like great. What a nice structure, how easy. So you have that surface, and you just do your thing. The same thing with [jazz musician] Ornette Coleman. There he goes down the road, and then they all sort of come back together; and they might do something weird at the end, but it’s structure. It’s a kind of structure, so it sort of creates a surface. That is why I steal from them all. I do. I steal a lot from those musicians because they have a great structure. SJ: …I was going to ask you about [your work’s] relationship to history because, to me, so many of these plays are about history. The footnotes all seem to play with the notion of history, because when you share something you found in a book-is that history? History incorporated in dramatic writing? Is it still history? It seems to be part of the joke. SLP: It is part of the joke, I think. And I think because theater—or as I see it or as I want to use it—can make history. It is sort of the reverse of “Don’t believe everything you read.” I’d say: Believe it, because it is true. Or: Don’t believe everything you see. I think because if you looked back into the past or looked up onto a screen, a film screen, or looked in a show, or looked on the shelf in the library, you don’t see enough of you. Or even if you do see enough of you, I do think you have the right to put some of you up there by any means necessary. If that means putting some of you into the 20th century, into the 1990s, and you want to be a poet, or a novelist, or a rap star, or basketball player— do it that way. If that means inserting some of you back in the early 1800s, why not? I think it is just as valid as what we are told happened back then. I think it has an equal weight. It should not be viewed as “Oh yes, this is some historical document.” But rather, “Oh yes, this is an account, not of what happened but of what was. Or an account of what is.” Faulkner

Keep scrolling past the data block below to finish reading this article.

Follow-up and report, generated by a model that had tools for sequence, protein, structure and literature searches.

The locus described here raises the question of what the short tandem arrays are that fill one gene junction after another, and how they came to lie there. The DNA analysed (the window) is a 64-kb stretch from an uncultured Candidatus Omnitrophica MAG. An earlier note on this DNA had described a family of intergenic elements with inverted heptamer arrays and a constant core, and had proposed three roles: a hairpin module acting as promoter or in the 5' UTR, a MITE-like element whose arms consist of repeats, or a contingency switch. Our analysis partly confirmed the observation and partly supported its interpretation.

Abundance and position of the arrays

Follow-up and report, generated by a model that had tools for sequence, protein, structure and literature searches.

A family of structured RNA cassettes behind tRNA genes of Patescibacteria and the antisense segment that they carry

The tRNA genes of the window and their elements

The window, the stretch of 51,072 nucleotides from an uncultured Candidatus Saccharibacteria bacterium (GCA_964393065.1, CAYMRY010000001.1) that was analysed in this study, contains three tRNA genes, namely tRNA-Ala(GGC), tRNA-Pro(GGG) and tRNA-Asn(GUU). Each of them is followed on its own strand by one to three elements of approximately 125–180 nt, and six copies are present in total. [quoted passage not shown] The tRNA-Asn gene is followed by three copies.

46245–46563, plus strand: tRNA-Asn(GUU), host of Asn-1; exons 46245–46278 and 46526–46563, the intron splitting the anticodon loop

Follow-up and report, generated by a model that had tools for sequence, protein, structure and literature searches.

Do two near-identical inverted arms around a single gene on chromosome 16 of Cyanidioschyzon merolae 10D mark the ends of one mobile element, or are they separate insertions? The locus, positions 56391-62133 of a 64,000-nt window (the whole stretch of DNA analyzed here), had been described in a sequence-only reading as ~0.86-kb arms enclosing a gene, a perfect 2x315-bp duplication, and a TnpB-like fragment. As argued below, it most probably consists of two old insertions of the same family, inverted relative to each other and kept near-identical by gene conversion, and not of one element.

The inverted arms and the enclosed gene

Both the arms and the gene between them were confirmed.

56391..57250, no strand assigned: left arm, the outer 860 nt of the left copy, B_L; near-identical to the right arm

has this great thing: he talks about is and was, or was and is. History is not “was,” history is “is.” It’s present, so if you believe that history is in the present, you can also believe that the present is in the past. It’s mostly directional.


SJ: In what way are you writing this? Is it multidirectional? SLP: Exactly, so you can fill in the blanks. You can do it now by inserting yourself into the present. You can do it for back then, too. Interview with Suzan-Lori Parks Author(s): Shelby Jiggetts and Suzan-Lori Parks Source: Callaloo, Vol. 19, No. 2, Emerging Women Writers: A Special Issue (Spring, 1996), pp. 309-317

Questions What do you think about Suzan-Lori Parks saying in The New York Times article that her plays are “about theater,” and about “watching people?” How is this present in Father Comes Home?


In the article, Suzan-Lori Parks says ”Oh yes, this is an account, not of what happened but of what was. Or an account of what is.” Beyond the design elements discussed before, how does Suzan-Lori Parks bring this idea to writing of Father Comes Home?